December 4, 2016

Editorial: Bonuses and raises for administrators send the wrong message

College administrations earn large salaries and get large bonuses. That is the standard for those jobs, and proportionate to the amount of responsibility that a university’s top decision-makers bear. When an educational institution falls on hard times, however, administrators should be willing to tighten their belts along with everyone else. That willingness is what has been lacking from Webster University’s president and provost.

Tax documents revealed that Webster’s President Elizabeth Stroble and Provost Julian Schuster received a total of $152,868 in bonuses, raises and incentive pay. Both received more bonuses and larger raises than the previous year, despite a third consecutive budget shortfall. Susan Polgar, head coach of Webster’s chess team, received the third highest compensation.

According to the U.S. Department of Labor, the average college professor makes just under $70,000 per year. The average student works 25 hours per week, for $7.50 an hour, and can expect to graduate with $35,000 in debt.

Last year, Webster made several tough financial decisions, including choosing not to automatically fill vacant positions and to reduce the budget for student employment. Enrollment of undergraduate and graduate students is continuing to drop, while investments in projects like the Interdisciplinary Science Building and the Gateway Campus are perceived as risky and not guaranteed to pay off, and certainly not quickly.

Illustration by Amber Williams

Illustration by Amber Williams

None of this, apparently, has had any effect on the monetary gain of the university’s top administrators.

When The Journal reported on Stroble and Schuster’s compensation, we received responses from students and even some faculty members that were united in one thing: whether they expressed anger, sadness or just frustration, members of the Webster community felt their concerns were not what the university’s administration was prioritizing.

It’s no secret that Webster is experiencing some financial difficulties and is on its third consecutive year of budget shortfalls. The Journal reported revenue came up short this year by a total of $7 million. A freeze on raises and bonuses for administrators would not fill the gap between what the university is spending and what it has. Still, it could help us begin to build a bridge across that distance, and another use for that money – almost any other use – could make a much greater difference.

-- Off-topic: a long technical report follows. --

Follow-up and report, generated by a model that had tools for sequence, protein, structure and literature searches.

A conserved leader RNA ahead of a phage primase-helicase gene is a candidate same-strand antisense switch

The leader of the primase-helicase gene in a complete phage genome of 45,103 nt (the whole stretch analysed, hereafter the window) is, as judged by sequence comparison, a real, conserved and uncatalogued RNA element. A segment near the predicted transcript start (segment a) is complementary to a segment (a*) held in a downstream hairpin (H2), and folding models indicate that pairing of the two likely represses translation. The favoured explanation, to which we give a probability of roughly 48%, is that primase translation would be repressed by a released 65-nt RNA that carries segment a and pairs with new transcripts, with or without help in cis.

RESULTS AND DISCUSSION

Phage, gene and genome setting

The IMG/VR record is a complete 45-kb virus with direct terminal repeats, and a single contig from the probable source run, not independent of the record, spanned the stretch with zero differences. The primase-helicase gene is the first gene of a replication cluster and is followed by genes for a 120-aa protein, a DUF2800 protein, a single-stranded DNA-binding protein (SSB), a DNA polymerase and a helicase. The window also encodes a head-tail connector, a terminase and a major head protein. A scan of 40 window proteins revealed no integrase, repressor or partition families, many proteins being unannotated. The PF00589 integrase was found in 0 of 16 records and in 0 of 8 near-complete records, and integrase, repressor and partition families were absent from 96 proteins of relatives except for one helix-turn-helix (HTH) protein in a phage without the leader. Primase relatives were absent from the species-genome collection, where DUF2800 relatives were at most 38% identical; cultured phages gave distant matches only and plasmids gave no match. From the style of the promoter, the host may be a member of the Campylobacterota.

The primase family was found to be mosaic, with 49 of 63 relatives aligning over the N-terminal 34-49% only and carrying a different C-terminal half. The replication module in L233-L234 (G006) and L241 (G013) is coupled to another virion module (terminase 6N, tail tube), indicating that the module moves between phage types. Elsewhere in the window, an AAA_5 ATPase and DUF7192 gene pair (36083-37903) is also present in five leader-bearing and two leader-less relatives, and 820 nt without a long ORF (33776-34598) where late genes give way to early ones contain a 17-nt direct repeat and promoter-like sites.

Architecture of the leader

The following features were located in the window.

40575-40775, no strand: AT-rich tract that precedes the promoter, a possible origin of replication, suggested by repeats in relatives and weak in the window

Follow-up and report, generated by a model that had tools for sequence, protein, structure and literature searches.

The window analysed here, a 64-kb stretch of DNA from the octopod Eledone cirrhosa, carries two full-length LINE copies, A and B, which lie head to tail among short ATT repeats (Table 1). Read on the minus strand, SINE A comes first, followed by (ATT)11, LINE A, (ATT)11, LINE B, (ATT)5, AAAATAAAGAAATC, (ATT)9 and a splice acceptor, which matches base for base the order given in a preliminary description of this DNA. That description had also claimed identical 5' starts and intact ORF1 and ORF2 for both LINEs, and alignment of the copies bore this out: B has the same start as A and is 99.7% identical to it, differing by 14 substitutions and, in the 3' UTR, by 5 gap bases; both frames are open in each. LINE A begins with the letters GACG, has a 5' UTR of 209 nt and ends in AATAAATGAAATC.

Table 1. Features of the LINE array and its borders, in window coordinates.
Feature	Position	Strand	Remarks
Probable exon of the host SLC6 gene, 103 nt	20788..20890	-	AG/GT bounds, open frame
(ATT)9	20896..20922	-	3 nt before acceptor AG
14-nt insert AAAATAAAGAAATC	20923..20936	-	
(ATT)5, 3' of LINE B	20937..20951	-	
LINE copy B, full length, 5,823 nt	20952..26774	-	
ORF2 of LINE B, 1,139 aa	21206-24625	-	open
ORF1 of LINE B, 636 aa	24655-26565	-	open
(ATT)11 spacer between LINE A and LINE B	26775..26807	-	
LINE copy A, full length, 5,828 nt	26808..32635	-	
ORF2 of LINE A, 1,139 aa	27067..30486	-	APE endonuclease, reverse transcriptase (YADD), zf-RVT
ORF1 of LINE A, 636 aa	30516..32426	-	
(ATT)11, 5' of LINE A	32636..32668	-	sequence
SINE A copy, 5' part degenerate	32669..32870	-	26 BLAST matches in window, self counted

This is a time when many Webster faculty and staff members are worried about the future of their programs and careers while many Webster students are worried about whether the decisions being made are the best for their academic careers. How can students and faculty trust that the administrators are prioritizing the right things when we can clearly see that they are not willing to sacrifice their own financial gain for the good of the university?

The level of compensation an administrator receives is just one measure by which their performance should be measured, but for the sake of faculty and student retention and new student enrollment as much as anything else, image does matter.

Stroble and Schuster are leading the Webster community at a time when many people are looking for strong leadership, and moves like accepting large bonuses and raises show that they are not working to earn the community’s trust. Sometimes captains have to be willing to sink or swim with their ships. Right now, Webster’s students, staff and faculty feel like administrators are isolated from the consequences the rest of us will face.

The amount of money Webster administration is taking in while many students, faculty members and academic programs struggle to stay afloat makes us uncomfortable. It should make the administrators uncomfortable too.

This editorial is the view of the editorial board, which is comprised of 12 editors. You can find their names posted in the masthead.

Correction: The national average of college debt after graduation is $28,950. The Journal apologizes for this error. 

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